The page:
A Personal Memoir: The Diary
By exploring the relationship between diary writing and women, Rhian Hutchings argues that the diary is a cathartic medium for sharing ideas and feelings
There is nothing quite like the intimacy between pen and paper at the end of an evening. As the pen touches the paper it is possible to connect with the self and to join the past with the present. Every inch of the paper belongs to its writer without the intrusion of a readers’ peering eyes. This intimacy has not gone out of fashion even if these days diary entries are more likely to be found on the notes app of an iPhone rather than with a papyrus and reed brushes dipped in ink. It is a practice that allows a place to confide, to relay the mundane quotidian or perhaps to release the tension of injustice whether that be political or personal.
The diary format within literature has also remained consistently popular with names like Anaïs Nin, Virginia Wolf, Sylvia Plath and of course Anne Frank forming an integral part of any bookshelf. Diaries have widely been acknowledged as a feminine format of writing, an embodiment of feminist practice. Why is this means of reconciling with the inner self so prevalent amongst women and is there a future for this literary confidante?
Virginia Woolf advocated for diary writing, of writing for oneself. She often mused about the diary as an exercise to stretch the muscles of the mind, to “loosen the ligaments”. She also pondered the position of the diary on the outskirts of the literary psyche. The novel was deemed a man’s endeavour. Even the reading of a novel could tarnish the ‘delicate’ nature of a woman. The nature of a diary is that it is not designed for the eye of the outsider even though diaries are often published as novels.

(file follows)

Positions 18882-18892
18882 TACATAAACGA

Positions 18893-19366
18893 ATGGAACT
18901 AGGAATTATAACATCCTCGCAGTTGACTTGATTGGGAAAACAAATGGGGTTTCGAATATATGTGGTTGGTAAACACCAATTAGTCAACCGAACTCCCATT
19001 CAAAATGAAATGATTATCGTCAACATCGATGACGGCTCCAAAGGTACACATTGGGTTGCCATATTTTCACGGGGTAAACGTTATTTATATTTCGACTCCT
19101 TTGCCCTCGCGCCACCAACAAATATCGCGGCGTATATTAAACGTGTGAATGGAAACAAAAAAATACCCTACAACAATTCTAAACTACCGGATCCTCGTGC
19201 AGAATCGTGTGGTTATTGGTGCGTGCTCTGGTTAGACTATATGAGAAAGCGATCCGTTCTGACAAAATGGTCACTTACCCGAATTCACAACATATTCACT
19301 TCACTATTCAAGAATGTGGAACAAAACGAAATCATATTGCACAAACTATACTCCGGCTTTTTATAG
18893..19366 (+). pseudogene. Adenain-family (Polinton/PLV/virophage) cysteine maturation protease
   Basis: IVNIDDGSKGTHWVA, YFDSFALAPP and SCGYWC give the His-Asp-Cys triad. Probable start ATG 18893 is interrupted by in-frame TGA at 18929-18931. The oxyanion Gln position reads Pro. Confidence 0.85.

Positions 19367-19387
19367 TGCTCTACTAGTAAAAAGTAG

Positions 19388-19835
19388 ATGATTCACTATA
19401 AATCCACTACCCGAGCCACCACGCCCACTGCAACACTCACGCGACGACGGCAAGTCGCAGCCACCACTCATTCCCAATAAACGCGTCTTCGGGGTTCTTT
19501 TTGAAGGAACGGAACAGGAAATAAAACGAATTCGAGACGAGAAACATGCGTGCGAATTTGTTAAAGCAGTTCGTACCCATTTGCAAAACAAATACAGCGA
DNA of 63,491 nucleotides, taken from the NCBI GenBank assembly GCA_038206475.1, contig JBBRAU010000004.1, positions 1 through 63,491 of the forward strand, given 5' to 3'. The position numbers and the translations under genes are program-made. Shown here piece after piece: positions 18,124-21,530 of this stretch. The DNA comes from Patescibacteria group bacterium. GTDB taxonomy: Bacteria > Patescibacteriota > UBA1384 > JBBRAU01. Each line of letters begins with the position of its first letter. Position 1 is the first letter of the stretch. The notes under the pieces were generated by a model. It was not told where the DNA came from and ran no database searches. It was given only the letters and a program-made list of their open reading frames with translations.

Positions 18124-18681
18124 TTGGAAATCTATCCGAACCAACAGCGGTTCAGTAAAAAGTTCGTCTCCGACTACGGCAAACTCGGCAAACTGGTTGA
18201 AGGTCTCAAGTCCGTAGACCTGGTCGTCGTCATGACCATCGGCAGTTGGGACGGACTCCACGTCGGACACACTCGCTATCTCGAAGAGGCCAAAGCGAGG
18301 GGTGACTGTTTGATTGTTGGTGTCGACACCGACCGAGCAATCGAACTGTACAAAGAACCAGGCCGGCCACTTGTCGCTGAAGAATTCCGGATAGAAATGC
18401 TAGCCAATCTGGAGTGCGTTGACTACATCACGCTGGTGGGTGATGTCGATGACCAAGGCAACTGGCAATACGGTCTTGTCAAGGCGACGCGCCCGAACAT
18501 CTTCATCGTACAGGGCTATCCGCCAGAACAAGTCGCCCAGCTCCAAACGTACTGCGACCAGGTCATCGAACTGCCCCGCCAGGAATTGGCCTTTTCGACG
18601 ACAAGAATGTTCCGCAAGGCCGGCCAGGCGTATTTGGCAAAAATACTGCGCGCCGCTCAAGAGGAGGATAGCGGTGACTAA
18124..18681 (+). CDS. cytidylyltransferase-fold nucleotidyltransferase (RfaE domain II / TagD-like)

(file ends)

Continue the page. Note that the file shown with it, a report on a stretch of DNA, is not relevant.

it became more than a way to write about the events of the day, it was its own form of revolt
A diary is accessible; it is not confined to the whims of its readership or indeed its author. It is therefore no surprise that the diary became a way in which women could write without the condescending disapproval of their male counterparts. As the only acceptable form of writing for women it became more than a way to write about the events of the day, it was its own form of revolt. Even recently, with the publication of Sasha Swire’s ‘A Diary of an MP’s wife’, this example of diary writing has shown another woman who has fervently mastered this unique form of retrospection.
At the age of ten I received my first diary with its very own plastic purple lock and key device. I had been gifted a little bit of personal space, the strange contradiction of secrecy alongside the freedom to write whatever I wanted to filled me with excitement. Throughout the angsty lens of my teenage years I diligently wrote about my feelings, what was happening in school alongside some stories of insignificant events. The diary has continued to be my faithful companion throughout the years.
The effort that it takes to go to the corner shop to buy a lined notebook has been overtaken by the desire to share our feelings on blogs and on social media sites. Does this mean that this sacred form of writing is becoming outdated? The diary is perhaps evolving from its marginalised origins and shifting to the mainstream platform to share the personal with the public. Undoubtably its popularity has remained, whether that be through technology or in its original written form.